Sorry if you clicked over to find yet another post on the whole plotting vs pantzing debate. This post does not involve an intricate plotting system using Play-doh, pennies, and popsicle sticks that I invented to craft the perfect novel (even though I tried with no success).
But I am a plotter through and through. I outline. I take notes. I dream. And my creativity is at its best when I have an idea of where I am going. So, why didn’t I apply plotting to real life? I must have had a lapse of judgement or maybe it was the cold, I don’t know.
We took the kids skiing this past week to a mountain we’d never skied before. I’m so used to going to a mountain that I know, arriving at the top, and choosing a random path.
Well, I hadn’t skied with my youngest cutie son in a while, so I mistakenly trusted my husband’s judgement about taking the chairlift to the top of the mountain on the first run. And, I didn’t plan.
Wise Hubbie: “Why don’t we take a look at the trail map before we go down.”
Oh so foolish me: “Nah, we’ll just take a green (easy trail). No problem.”
I decided to take a trail “by the seat of my pants”. I mean, the trail was marked with a green circle. It should have stayed green the whole way down!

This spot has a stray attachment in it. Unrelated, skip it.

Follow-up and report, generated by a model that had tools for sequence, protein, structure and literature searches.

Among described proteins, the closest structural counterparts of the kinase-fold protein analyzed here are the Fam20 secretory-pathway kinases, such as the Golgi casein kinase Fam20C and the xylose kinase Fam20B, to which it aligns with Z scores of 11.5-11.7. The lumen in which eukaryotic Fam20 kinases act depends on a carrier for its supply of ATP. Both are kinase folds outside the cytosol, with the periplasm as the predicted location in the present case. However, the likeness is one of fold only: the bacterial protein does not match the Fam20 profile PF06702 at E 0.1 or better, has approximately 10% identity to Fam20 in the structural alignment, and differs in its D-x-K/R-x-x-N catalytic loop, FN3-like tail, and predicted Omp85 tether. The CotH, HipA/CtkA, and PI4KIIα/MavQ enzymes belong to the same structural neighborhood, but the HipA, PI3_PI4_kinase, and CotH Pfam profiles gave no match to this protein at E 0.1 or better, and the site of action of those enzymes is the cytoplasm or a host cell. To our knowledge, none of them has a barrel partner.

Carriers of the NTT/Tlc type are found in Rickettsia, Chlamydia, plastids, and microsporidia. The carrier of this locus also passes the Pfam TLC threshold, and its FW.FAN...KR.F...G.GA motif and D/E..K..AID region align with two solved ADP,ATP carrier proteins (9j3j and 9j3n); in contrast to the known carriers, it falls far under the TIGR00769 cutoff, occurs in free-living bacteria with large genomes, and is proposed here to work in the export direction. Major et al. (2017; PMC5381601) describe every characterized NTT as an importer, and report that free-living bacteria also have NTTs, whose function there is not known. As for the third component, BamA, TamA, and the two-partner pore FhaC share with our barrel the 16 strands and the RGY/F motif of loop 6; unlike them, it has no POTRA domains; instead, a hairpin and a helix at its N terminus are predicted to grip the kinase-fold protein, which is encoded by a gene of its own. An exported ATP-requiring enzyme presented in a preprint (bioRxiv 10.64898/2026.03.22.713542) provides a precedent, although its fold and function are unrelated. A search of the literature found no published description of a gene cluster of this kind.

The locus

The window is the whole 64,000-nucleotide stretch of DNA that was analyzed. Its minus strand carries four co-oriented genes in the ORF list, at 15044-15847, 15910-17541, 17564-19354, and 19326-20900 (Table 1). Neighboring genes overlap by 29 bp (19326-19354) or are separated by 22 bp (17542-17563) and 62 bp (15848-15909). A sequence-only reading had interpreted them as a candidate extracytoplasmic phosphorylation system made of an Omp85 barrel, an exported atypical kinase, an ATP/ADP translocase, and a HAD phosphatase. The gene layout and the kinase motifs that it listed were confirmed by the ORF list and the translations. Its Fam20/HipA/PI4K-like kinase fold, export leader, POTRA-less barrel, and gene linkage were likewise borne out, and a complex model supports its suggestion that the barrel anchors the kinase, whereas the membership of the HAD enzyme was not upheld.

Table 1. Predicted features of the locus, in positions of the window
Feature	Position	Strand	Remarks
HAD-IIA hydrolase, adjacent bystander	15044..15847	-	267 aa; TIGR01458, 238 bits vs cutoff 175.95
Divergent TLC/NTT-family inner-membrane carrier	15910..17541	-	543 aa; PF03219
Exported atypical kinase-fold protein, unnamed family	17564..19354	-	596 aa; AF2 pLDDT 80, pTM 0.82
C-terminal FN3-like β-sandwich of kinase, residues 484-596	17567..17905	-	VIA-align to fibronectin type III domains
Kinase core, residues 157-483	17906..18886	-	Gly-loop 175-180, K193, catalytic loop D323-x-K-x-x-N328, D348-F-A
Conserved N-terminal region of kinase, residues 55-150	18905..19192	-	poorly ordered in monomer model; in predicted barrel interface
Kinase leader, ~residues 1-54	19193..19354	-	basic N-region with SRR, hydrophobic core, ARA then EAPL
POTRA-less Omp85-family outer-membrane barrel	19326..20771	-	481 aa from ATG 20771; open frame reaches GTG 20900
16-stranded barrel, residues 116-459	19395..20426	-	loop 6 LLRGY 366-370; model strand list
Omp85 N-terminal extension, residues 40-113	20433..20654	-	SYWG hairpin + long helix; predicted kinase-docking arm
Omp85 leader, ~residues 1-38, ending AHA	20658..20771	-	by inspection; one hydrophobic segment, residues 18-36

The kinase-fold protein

Part way down, the green changed to a blue square – a slightly steeper, harder trail not meant for beginners. I cheered my son on and then watched as his careful snowplowing and carving turned to sheer panic and he lost all control.
Thank God there were no trees. His skis slammed into a snowbank, his ski boots popped out, and he completed a flip worthy of Gold medalist Shaun White (almost). Then, he landed face down in the icy snow.
Tramautized and crying, it then took him an hour to get down the slopes.
Lesson learned. I’m sticking to plotting.
Do you find that how you approach your writing is a carry-over from how your approach life? Are you a plotter or a pantzer?
(My son is fine. A few scratches, but no emotional scars.)